Watch Live: Powell and Yellen Testify on Coronavirus Recovery

Watch Live: Powell and Yellen Testify on Coronavirus Recovery

Watch Live: Powell and Yellen Testify on Coronavirus Recovery

Watch Live: Powell and Yellen Testify on Coronavirus Recovery

America’s top two economic officials told senators on Wednesday that the economy is healing but still in a deep hole, and that continued government support is providing a critical lifeline to families and businesses.

Jerome H. Powell, the Federal Reserve chair, and Janet L. Yellen, the Treasury Secretary and Mr. Powell’s immediate predecessor at the Fed, are testifying before the Senate Banking Committee. Their prepared comments echoed their testimony before House lawmakers on Tuesday.

Mr. Powell said in his remarks that the government averted the worst possible outcomes in the pandemic economic recession with its aggressive spending response and super-low Fed interest rates.

“But the recovery is far from complete, so, at the Fed, we will continue to provide the economy the support that it needs for as long as it takes,” he said.

Ms. Yellen, who pushed hard for the recently-passed $1.9 trillion relief package, said that responding to a crisis with a needed surge of temporary spending without paying for it was “appropriate.”

“Longer-run, we do have to raise revenue to support permanent spending that we want to do,” she said.

She said that expanded unemployment insurance, part of the recent relief package, does not seem to be discouraging work and is needed at a time when the labor market is not at full strength.

“While unemployment remains high, it’s important to provide the supplementary relief,” Ms. Yellen said, noting that the aid lasts until the fall. She said that as the economy recovers, the aid “should be phased out.”

The Biden administration is also making plans for a $3 trillion infrastructure package. The fact that the government is spending so much, and contemplating spending more, at a time when the economy is recovering has stoked concerns about inflation among some economists and lawmakers.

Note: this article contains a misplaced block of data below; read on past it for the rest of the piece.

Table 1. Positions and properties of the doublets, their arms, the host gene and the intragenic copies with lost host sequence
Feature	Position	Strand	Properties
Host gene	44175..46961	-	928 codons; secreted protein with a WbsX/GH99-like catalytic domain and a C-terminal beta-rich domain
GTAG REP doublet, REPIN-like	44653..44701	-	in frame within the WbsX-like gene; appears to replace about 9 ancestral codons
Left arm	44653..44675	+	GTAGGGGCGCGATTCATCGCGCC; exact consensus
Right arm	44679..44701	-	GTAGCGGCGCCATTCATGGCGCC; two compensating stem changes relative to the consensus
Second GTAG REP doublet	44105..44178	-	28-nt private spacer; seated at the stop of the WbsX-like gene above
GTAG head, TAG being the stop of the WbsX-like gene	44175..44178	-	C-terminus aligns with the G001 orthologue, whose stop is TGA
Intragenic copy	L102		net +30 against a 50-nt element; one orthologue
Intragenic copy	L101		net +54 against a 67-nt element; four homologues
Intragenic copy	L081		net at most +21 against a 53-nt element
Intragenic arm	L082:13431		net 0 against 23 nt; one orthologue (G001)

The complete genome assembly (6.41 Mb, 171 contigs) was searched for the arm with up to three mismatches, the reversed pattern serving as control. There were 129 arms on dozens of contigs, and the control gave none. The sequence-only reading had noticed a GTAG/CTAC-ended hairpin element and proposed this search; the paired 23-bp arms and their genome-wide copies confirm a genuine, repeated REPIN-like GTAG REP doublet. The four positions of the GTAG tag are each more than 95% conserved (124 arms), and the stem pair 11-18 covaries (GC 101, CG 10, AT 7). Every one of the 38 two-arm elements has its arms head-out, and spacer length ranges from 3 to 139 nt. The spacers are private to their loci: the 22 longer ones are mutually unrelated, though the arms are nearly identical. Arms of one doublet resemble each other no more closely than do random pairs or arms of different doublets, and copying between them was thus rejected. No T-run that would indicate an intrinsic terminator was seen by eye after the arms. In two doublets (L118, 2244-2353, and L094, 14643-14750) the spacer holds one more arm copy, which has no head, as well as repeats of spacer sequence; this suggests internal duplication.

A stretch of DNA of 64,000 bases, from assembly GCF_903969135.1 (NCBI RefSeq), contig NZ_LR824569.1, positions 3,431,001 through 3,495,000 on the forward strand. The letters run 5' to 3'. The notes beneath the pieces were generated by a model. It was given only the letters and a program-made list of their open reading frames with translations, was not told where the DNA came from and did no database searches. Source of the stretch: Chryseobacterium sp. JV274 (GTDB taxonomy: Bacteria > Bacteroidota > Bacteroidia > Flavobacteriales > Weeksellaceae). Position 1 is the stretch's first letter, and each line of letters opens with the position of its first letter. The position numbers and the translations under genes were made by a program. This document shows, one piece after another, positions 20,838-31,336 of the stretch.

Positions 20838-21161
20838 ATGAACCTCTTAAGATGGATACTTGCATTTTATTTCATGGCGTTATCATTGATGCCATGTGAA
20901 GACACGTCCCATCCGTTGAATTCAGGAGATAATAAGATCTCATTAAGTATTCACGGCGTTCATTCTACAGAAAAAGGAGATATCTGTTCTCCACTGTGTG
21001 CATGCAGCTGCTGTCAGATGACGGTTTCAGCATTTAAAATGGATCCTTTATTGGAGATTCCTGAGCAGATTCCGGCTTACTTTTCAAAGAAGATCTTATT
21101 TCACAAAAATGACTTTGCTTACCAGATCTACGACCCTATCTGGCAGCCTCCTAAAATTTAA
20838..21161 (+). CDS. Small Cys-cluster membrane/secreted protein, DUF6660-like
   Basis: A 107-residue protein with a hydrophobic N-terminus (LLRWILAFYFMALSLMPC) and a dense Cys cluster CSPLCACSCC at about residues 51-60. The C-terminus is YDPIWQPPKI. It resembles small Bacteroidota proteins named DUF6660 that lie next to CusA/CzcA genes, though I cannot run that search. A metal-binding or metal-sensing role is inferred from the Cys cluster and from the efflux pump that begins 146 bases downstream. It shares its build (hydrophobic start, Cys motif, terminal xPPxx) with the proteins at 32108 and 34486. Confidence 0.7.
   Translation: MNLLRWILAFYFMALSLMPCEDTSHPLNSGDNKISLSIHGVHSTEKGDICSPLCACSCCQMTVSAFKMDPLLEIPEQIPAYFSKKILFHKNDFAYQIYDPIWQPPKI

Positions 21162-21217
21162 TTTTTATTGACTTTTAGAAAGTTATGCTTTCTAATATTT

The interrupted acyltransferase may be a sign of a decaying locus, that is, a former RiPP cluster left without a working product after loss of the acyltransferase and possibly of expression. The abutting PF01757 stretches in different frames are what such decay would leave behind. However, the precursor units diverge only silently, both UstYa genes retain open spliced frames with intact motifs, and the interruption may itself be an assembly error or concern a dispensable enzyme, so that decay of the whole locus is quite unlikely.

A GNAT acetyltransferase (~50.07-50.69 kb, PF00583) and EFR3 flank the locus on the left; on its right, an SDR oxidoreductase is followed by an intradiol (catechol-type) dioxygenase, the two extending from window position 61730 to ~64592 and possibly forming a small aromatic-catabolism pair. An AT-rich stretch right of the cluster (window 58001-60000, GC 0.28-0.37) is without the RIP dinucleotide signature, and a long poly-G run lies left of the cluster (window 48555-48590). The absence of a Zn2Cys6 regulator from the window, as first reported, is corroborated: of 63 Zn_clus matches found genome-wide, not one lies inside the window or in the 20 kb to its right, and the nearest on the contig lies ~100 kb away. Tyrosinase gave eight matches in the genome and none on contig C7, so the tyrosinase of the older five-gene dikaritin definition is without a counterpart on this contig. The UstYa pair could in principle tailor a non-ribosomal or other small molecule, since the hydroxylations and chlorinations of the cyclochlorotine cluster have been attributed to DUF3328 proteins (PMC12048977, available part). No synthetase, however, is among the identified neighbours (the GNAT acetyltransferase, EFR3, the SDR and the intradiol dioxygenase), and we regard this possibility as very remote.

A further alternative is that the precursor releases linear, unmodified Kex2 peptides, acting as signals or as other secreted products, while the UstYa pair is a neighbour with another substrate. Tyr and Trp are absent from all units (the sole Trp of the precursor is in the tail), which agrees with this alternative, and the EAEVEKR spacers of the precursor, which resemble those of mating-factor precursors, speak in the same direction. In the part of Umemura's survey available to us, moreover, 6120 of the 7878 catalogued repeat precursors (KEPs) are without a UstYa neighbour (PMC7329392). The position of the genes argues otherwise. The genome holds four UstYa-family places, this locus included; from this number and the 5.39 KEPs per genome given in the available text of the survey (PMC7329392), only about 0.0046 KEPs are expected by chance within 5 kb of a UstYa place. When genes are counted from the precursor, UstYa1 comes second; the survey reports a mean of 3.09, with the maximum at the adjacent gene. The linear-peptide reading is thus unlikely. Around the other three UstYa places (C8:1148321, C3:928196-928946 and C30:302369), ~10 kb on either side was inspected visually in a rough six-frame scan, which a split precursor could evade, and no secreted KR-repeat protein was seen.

Some onlookers fear that the Fed, which has interest rates at rock-bottom and is buying bonds in big quantities to help the economy, might be too slow to react to higher prices.

“I do worry that the Fed may be behind the curve when inflation inevitably picks up,” Senator Patrick J. Toomey, Republican from Pennsylvania, said during his opening remarks.

But Mr. Powell has consistently pushed back on concerns about runaway inflation, and did so again on Wednesday.

“We think the inflation dynamics that we’ve seen around the world for a quarter-century are essentially intact — we’ve got a world that’s short of demand, with very low inflation,” Mr. Powell said. “We think those dynamics haven’t gone away overnight, and won’t.”

Asked specifically about potential supply and demand mismatches — particularly in the context of a ship that had gotten stuck in the Suez Canal, but also in general as the economy reopens — he struck a similarly unconcerned tone.

“A bottleneck, by definition, is temporary,” he said.

He also batted back concerns about a recent increase in market-based interest rates. The yield on 10-year Treasury notes, a closely watched government bond, has moved up since the start of the year.

“Rates have responded to news about vaccination, and ultimately, about growth,” Mr. Powell said. “That has been an orderly process. I would be concerned if it were not an orderly process, or if conditions were to tighten to a point where they might threaten our recovery.”


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